“I’m very vigilant about who I am and what I’m thinking,” Sotce said in an interview with Nylon magazine. “A lot of my practice is cutting through the obscurations, cutting through the bullshit. It’s like a dirty windshield wiper. You get that clean voice that’s not attached or fixated.”

What’s become recognizable as the “Sotce meme” is compact. A stock image of a razor or a pack of Trident gum, a sketch of two ambiguous animals, some profound revelation condensed to a sentence or two. And even though Sotce herself wishes it wasn’t just her more lighthearted work that she’s recognized for, it’s a lot easier to pretend to comprehend than full-scale theories and philosophies. It’s digestible, ineffably easy to repost or send to a friend and say “this is so me,” or bookmark for later. 

As with anything, to spot an individual who has gained true influence, look for copycats. Sotce replications have popped up all over the internet, but does piecing together a couple of graphics and mourning a breakup make anyone a Philosopher, capital “P”?

Everything feels profound when someone has hurt your feelings. Much of Sotce’s gained popularity stems from domino-effect consequences of the “girl” trends taking the internet over — and infantilizing women in the process. One of her TikToks that she was allegedly told to make by angels is dedicated to kale — the leafy green — a pile of which she buries her face in and decides will never love her.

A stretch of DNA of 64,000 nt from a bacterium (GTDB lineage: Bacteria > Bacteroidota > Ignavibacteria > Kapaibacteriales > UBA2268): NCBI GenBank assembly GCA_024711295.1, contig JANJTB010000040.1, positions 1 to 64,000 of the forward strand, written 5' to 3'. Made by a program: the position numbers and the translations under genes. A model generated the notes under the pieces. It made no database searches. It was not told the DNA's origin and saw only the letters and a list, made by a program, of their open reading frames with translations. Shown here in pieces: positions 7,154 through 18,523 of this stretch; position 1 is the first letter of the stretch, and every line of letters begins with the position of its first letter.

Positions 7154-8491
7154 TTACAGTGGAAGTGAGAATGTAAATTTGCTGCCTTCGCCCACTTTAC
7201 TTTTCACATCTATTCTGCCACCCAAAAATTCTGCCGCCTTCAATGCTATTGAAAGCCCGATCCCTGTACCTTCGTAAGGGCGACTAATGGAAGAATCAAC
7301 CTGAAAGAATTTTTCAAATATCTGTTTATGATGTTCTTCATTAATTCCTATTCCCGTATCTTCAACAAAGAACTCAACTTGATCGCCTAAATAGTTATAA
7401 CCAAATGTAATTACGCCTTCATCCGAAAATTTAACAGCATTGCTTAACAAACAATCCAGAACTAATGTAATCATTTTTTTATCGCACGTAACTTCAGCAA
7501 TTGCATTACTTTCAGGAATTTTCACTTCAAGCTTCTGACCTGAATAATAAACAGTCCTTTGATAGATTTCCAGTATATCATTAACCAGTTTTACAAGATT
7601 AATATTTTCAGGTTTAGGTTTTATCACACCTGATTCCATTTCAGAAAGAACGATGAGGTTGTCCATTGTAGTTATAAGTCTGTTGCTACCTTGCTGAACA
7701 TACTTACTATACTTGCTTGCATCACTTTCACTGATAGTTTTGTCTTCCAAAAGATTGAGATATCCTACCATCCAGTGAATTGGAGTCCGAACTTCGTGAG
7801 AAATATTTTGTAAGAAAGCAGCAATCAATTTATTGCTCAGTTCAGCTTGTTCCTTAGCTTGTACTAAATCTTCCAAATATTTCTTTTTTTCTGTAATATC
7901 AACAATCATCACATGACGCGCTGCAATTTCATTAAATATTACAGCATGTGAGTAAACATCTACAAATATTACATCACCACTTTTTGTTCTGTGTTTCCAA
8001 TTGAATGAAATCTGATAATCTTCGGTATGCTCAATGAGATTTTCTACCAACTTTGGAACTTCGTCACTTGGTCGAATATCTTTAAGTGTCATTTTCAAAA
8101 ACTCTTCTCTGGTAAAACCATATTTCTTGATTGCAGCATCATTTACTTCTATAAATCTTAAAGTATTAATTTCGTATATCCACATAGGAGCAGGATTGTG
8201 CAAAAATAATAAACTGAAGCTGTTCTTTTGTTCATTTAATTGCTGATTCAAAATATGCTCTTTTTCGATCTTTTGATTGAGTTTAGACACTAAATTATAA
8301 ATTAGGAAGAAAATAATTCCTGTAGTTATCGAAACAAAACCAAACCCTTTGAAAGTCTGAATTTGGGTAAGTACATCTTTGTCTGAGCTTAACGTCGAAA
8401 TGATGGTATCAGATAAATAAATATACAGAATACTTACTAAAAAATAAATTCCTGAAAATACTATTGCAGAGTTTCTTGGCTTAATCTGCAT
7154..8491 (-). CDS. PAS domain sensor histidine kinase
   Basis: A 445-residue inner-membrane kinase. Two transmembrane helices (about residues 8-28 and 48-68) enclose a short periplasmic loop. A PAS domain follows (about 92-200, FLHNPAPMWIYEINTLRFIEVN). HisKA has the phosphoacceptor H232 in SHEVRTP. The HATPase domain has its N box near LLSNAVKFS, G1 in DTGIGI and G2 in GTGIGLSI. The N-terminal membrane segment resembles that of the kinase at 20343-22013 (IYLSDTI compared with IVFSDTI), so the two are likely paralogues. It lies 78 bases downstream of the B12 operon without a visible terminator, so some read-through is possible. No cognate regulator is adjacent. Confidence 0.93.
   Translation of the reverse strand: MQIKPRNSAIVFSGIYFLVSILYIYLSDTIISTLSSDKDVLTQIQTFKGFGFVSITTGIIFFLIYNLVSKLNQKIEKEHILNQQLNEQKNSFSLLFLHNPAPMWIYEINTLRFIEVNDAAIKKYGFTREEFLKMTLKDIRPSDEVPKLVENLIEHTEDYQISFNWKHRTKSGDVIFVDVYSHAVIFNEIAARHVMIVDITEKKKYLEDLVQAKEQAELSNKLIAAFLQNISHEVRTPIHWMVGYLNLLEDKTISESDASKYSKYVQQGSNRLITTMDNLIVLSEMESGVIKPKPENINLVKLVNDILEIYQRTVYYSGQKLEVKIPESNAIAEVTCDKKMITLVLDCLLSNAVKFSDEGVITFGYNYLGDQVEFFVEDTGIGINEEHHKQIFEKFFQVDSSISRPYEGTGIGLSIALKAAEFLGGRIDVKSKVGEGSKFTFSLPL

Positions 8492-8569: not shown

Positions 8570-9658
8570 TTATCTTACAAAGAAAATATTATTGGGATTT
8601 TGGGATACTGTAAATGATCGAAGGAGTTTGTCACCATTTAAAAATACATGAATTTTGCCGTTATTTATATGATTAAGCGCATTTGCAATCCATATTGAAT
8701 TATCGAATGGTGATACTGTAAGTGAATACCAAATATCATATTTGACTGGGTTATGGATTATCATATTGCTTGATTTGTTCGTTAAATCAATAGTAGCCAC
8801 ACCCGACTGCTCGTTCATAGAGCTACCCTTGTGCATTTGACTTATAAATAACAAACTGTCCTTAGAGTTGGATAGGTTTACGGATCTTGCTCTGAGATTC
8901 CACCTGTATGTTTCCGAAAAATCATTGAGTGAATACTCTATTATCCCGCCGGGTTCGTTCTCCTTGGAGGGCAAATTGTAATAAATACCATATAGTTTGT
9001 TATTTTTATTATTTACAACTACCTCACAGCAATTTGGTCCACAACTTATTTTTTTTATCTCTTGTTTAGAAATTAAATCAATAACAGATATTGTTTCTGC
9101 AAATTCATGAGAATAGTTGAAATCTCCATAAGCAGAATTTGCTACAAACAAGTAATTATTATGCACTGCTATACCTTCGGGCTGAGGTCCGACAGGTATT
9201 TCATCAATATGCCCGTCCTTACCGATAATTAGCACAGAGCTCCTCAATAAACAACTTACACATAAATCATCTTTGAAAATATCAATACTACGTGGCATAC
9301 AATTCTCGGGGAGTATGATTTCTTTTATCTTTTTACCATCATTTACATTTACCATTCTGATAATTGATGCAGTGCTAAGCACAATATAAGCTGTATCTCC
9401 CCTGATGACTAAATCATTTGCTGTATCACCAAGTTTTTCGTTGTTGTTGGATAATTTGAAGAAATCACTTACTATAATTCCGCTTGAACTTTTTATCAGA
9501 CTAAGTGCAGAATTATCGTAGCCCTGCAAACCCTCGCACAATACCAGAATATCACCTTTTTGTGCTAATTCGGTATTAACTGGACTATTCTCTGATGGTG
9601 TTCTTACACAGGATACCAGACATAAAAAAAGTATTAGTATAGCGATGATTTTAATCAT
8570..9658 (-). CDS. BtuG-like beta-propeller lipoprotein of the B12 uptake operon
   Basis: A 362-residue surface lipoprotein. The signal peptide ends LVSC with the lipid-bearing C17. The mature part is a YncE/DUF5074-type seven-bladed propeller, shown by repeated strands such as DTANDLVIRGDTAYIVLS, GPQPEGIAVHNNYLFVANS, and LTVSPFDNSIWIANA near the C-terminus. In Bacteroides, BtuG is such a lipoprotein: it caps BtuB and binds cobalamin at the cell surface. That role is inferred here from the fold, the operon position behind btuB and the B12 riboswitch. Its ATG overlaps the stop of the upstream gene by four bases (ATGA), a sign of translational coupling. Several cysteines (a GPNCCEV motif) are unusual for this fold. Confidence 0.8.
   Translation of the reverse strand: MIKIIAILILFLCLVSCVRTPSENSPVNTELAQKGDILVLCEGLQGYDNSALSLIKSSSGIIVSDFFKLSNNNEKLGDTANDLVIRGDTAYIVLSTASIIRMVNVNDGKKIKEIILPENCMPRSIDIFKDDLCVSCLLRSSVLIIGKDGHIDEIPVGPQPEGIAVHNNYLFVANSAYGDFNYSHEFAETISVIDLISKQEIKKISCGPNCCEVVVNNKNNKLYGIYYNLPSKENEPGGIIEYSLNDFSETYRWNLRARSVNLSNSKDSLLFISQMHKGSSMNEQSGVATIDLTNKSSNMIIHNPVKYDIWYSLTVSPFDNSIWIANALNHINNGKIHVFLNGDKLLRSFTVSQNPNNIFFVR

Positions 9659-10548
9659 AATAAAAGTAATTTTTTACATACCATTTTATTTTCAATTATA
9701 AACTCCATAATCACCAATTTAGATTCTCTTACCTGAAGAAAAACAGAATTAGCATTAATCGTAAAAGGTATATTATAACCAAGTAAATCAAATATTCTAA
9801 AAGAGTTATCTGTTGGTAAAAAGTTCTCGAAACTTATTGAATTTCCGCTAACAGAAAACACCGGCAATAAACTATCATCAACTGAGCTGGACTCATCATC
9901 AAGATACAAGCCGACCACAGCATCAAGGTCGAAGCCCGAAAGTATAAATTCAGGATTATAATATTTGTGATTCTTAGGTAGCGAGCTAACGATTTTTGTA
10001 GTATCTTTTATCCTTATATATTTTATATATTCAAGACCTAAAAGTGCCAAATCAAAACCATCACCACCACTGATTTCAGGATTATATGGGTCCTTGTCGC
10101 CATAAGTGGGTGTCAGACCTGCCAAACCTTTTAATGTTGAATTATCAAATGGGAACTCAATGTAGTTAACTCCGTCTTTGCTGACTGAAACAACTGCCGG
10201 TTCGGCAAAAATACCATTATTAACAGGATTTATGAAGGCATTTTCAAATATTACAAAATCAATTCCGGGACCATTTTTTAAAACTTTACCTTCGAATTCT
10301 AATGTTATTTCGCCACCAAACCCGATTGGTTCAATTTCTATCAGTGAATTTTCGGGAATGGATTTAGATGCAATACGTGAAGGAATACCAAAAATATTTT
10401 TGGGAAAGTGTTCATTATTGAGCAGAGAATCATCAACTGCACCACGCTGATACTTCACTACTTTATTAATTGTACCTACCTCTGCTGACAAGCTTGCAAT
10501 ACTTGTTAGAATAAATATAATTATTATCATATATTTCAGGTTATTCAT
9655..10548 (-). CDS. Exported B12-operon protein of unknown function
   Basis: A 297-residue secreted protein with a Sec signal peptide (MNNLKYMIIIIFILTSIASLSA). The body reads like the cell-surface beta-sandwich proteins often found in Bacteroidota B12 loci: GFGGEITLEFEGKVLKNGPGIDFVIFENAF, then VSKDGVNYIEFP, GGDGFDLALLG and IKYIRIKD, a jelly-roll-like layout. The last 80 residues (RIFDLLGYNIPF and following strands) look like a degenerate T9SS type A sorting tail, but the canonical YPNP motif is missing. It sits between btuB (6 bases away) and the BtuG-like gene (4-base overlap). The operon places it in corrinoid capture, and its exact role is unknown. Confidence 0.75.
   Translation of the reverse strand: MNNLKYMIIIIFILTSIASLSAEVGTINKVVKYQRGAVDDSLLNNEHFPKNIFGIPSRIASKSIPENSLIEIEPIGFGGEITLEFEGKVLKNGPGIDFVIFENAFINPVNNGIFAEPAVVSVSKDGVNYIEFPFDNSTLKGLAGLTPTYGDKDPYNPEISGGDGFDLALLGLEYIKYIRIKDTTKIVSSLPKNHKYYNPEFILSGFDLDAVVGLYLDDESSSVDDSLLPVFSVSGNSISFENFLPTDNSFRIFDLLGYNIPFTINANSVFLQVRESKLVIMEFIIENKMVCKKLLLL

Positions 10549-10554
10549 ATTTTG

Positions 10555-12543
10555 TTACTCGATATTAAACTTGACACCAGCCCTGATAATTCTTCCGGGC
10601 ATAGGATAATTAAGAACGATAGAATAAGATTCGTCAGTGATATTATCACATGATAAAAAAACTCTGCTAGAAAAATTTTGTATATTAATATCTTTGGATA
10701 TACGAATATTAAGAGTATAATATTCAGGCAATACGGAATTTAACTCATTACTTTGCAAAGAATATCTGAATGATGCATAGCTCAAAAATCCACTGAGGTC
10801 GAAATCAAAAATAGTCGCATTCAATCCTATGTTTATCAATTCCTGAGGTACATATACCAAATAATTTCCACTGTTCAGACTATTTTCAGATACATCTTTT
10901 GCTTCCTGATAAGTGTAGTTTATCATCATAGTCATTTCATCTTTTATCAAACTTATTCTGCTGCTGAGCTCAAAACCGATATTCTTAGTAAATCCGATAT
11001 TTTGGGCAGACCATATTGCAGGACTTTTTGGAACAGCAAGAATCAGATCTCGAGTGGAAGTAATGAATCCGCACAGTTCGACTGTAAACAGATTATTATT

Sure it’s absurd. This stock image of an anatomized orange is literally just a stock image of an anatomized orange. But to Sotce and her followers, all in life and the natural world has some deeper, mystical feeling. But sometimes that deeper feeling lacks the substance she so desperately wants projected onto it.

Most would-be philosophers of the world have bled into 21st century poets and writers, contemplative song lyrics and droning TED Talks. But Sotce’s philosophy is her brand. She sells meditations and personal connections to her followers’ strife and struggles. She sells $30 iPhone cases. She sells audio “how to’s” for $3-$5 on her website — “become an angel,” “make a decision,” “stop smelling him.”